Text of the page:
Good luck to her. It's hard, but I'm sure with your support she will be able to pull herself out of this!

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Taking a break from men for awhile might be a good step for her right now.

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I think you need to accept you cannot take her pain away. I am sure you already know that but I feel like it needed to be said.

Thing with my older daughter was the more I tried to help the more annoyed she got with me so I just sit there and let her vent, let her lead, and consider my words carefully when I answer her questions.

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Oh can I relate... A boyfriend I loved desperately when I was 29 broke up with me "because he never wanted to get married". Not sure now but last I heard he was 44 and still not married so likely some truth but I dind't care at the time. I was devastated. My poor mom had to listen to me cry and cry. I was doing very well professionally at least but it was hard. Looking back now, it was so foolish. He's kind of a loser and would have been a horrible husband and father. Part of what upset me so much though was worryign I was NEVER going to get married and have kids. 29 seemed so old!! So give her lots of examples of women who marry at 35 or 36 and have several children. She has PLENTY of time. She may also benefit from an antidepressant if she's at the point that she just cries so much for quite awhile now. I know it helped me see things more rationally. ie: still lots to live for!! Tell her this is the time to work on HERSELF. Most men long term love a woman who is an individual, who has interests, who has things to offer etc. My husband dated someone who he said had nothing really going on. Nice and all but no idea what to do. He finally had it with her, told her why and he said she upped and I thnk went back to school or took some big trip or did something cool that changed her from just letting life pass her by. He didn't want to get back together with her but it did improve his opinion of her a lot. Sorry she's goign through this. I dread seeing my daughters go through it...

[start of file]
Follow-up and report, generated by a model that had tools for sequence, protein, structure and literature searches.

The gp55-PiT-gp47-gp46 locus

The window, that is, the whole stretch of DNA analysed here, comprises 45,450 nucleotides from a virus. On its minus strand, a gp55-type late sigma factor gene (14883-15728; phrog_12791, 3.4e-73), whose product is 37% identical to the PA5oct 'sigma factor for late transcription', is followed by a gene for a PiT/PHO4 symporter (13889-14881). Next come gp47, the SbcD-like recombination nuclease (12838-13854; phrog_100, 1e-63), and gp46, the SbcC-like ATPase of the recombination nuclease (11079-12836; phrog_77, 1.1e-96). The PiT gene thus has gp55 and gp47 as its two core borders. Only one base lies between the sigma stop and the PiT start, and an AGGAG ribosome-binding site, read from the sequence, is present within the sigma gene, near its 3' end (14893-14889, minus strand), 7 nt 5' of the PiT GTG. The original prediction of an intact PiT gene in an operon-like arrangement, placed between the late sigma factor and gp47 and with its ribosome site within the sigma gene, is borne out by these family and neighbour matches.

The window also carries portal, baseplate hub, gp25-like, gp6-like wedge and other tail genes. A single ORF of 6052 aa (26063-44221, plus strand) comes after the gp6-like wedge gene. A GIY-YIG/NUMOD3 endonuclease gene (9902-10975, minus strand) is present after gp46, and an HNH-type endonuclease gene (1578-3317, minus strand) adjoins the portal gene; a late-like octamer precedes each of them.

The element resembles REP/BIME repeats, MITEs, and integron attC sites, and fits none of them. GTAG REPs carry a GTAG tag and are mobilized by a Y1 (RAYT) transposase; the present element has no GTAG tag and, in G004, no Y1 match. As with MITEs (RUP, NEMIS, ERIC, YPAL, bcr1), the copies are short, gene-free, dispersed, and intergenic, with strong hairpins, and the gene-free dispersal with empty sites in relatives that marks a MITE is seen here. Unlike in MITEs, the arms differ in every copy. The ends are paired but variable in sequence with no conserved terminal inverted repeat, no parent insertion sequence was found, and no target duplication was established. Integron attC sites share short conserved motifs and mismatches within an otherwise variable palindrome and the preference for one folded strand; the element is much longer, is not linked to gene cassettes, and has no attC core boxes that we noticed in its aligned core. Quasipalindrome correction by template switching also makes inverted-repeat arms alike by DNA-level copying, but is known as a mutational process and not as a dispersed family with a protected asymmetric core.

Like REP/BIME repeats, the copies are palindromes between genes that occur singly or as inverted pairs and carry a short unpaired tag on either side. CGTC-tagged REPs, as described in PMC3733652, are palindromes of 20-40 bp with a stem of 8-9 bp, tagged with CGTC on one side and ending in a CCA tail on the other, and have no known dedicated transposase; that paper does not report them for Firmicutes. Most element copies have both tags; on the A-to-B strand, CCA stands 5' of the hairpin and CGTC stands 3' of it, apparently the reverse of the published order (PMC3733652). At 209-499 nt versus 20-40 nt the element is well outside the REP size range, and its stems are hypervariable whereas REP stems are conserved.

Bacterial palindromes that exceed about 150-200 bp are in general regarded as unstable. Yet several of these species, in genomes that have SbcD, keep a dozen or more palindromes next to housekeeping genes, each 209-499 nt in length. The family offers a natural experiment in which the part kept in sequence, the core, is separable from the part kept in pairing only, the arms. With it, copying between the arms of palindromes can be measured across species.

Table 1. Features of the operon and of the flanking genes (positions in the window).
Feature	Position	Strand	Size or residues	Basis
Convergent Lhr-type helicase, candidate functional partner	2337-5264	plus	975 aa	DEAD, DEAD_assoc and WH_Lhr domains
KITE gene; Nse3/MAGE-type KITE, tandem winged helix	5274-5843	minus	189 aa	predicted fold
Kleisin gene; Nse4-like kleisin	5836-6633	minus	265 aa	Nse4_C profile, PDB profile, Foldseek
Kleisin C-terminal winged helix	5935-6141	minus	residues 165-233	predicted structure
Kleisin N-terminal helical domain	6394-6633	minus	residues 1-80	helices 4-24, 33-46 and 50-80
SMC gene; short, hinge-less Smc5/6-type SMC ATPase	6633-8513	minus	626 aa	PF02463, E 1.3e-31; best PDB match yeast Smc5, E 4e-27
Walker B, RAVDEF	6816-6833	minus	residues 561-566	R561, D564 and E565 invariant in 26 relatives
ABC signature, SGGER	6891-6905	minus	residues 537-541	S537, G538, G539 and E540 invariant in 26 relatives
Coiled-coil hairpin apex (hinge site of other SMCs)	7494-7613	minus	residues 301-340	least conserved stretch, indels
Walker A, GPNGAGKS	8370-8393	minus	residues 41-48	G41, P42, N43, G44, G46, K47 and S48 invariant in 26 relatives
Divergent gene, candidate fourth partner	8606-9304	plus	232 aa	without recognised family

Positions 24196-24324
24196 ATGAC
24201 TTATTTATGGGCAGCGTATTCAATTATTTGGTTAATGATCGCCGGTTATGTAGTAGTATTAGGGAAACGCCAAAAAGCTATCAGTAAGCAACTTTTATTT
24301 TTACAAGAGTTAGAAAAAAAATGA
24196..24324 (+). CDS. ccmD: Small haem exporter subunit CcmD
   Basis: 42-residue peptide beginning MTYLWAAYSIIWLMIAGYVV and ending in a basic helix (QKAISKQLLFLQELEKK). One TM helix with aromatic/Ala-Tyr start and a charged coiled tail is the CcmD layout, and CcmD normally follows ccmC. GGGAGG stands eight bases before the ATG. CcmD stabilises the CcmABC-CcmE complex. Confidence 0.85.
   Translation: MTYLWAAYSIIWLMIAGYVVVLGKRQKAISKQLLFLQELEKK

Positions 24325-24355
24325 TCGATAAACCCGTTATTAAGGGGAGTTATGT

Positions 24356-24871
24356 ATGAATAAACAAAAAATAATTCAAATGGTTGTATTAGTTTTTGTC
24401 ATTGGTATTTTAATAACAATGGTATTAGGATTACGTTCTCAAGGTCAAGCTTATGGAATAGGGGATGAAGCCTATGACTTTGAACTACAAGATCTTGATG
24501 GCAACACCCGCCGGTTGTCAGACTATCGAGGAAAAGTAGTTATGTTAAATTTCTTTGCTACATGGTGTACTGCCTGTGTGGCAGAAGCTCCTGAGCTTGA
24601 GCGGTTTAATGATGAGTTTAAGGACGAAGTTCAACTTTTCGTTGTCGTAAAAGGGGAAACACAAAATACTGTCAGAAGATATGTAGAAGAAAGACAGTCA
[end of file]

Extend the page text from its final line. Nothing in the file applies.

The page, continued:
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Ugh, I feel for her. There isn't anything you can do to take away the pain but some things that might be helpful:

-don't say "You'll find someone else. When your heart is broken, you don't want someone else. You want THAT person."
-let her lounge/grieve for a little bit then see if you can get her busy: go for walks (with or w/o you as exercise is a good mood lifter)
-let her be for a bit
-turn on the comedy channel for a bit when she's in the room as though it is for you and you're watching it. Laughter is good medicine.
-try to get her mind off of things by keeping her busy: a new hobbie you do at home (think of something SHE would act but YOU do it & see if she'll join in
-see if you can get someone other than yourself (when we are kids we always think mom doesn't know anything), like a cousin, to ask her about her dream job & see if they can slyly motivate her
-rent some funny movies (nothing w/a love story!!!!)
-turn on the cooking channel. nothing bad happens there. It can just be
mindless tv to fill some time
-do you belong to a gym? See if you can get her to go once with you. That might motivate her to go alone once she feels those endorphins kicking in.

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Aw - I feel sad for her. I'm not sure if there is anything you can tell her right now. She's feeling down and beating herself up and no matter what you say she's going to feel the same about herself. My best advice is to try to keep her busy so her mind isn't just focused on the negative.